On January 1, 2023, a couple of new privacy regulations came into effect in the United States. Let’s go over what these laws are and what they mean for you in practice.
CCPA and CPRA
The California Privacy Rights Act (CPRA) was approved by voters in 2020 but the provisions that revise the CCPA became operative on Jan. 1, 2023. It’s safe to consider the CPRA as an amendment to the existing California Consumer Privacy Act (CCPA) So, what is amended?
First, the CPRA extends the CCPA’s “Do Not Sell My Personal Information” to include sharing personal information. Let’s define all of the terms.
What is “personal information”?
The CCPA broadly defined it as information that identifies, relates to, describes, is reasonably capable of being associated with, or could reasonably be linked, directly or indirectly, with a particular consumer or household.
The CPRA newly defines a subset of personal information deemed “sensitive” which requires heightened protections.
Sensitive personal information includes:
- Social security, driver’s license, state ID card, or passport number
- Account log-in, financial account, debit card, or credit card number with accompanying passwords, credentials, or security codes
- Precise geolocation
- Racial/ethnic origin
- Religious/philosophical beliefs
- Union membership
- Mail, email, or text message content unless intended for business purposes
- Genetic data
What does “sharing” mean?
The CPRA defines sharing as renting, releasing, disclosing, disseminating, making available, transferring, or otherwise communicating orally, in writing, or by electronic or other means, a consumer’s personal information by the business to a third party for monetary or other valuable consideration, including cross-context behavioral advertising.
What must businesses do?
Businesses must update their “Do Not Sell” opt-out links to also include sharing, so it can encompass “Do Not Sell/Share.”
- Post a “Do Not Sell or Share My Personal Information” link on the homepage and any other page that collects personal information.
- Offer a minimum of two opt-out request methods such as:
- User-enabled privacy controls (such as a link/banner)
- Dedicated email address
- Toll-free phone number
- Form submittable by mail or in-person
- Notify consumers that they have the right to opt out of the sale or sharing of their personal information and give them the option to do so.
- Respect opt-out decisions for a minimum of one year before asking them again to opt-in.
- Keep detailed consent and opt-out records, so that you can honor consumer rights.
- Implement reasonable security procedures and practices to protect personal information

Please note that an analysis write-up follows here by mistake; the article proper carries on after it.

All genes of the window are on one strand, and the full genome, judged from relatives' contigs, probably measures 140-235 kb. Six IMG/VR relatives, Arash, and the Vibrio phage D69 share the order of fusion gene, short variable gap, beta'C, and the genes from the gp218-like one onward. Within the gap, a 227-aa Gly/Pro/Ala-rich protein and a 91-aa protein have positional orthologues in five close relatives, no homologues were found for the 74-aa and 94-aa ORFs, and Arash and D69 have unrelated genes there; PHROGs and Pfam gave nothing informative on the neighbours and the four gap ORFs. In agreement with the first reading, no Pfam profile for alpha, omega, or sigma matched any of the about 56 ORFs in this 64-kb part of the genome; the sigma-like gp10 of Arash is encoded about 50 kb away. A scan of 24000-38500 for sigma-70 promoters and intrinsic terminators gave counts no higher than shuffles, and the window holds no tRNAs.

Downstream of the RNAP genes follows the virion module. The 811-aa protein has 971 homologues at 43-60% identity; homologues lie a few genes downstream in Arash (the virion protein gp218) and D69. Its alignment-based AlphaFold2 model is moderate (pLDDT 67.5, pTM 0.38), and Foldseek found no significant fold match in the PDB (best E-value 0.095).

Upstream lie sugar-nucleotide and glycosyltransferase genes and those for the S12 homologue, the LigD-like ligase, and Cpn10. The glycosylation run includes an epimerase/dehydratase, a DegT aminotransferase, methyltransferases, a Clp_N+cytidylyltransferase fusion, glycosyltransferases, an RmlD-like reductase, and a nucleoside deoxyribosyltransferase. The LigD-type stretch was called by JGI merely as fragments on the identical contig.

And, we wouldn’t be doing our job if we don’t also remind you to confirm you have opted them out!
Dark Patterns Defined
We’ve been talking and writing about dark patterns of design and how to avoid getting fined for them, so it was interesting to note that the CPRA added a definition of what it considers dark patterns:
“A user interface designed or manipulated with the substantial effect of subverting or impairing user autonomy, decision-making, or choice, as further defined by regulation.”
CPRA states that agreements obtained through the use of dark patterns does not constitute consent.
The Virginia Consumer Data Protection Act (VCDPA) was signed into law in March 2021 and came into effect on January 1, 2023, making Virginia the second state in the U.S. to enact consumer privacy legislation.
The VCDPA applies to any business that collects, uses, or shares the personal data of Virginia residents, regardless of where the business is located. However, it only applies if your business controls or processes (i) the personal data of at least 100,000 consumers in a calendar year OR (ii) the personal data of at least 25,000 consumers if you make over 50% of your gross revenue from the sale of that data. So, there is no threshold based solely on annual gross revenue.
The VCDPA describes consumers as residents “acting only in an individual or household context,” excluding B2B interactions and employees. It also does not delineate recordkeeping requirements, other than documenting data protection assessments, so if a business is already processing consumer access requests in line with GDPR or CCPA, that should also cover requests from Virginia residents.
Virginia residents are not allowed to sue directly for violations of the law as only the state attorney general can enforce them. Damages can reach up to $7500 per violation. However, there is a 30-day window for companies to communicate with the attorney general once they have received allegations of noncompliance, so they can attempt to fix the issues before fines are handed out.
For more information on VCDPA, see Bloomberg’s analysis on some of its ambiguities. Stay tuned as we cover other upcoming state laws as they come online.
To see how your website stacks up against privacy regulations, try a 1000-page scan on us.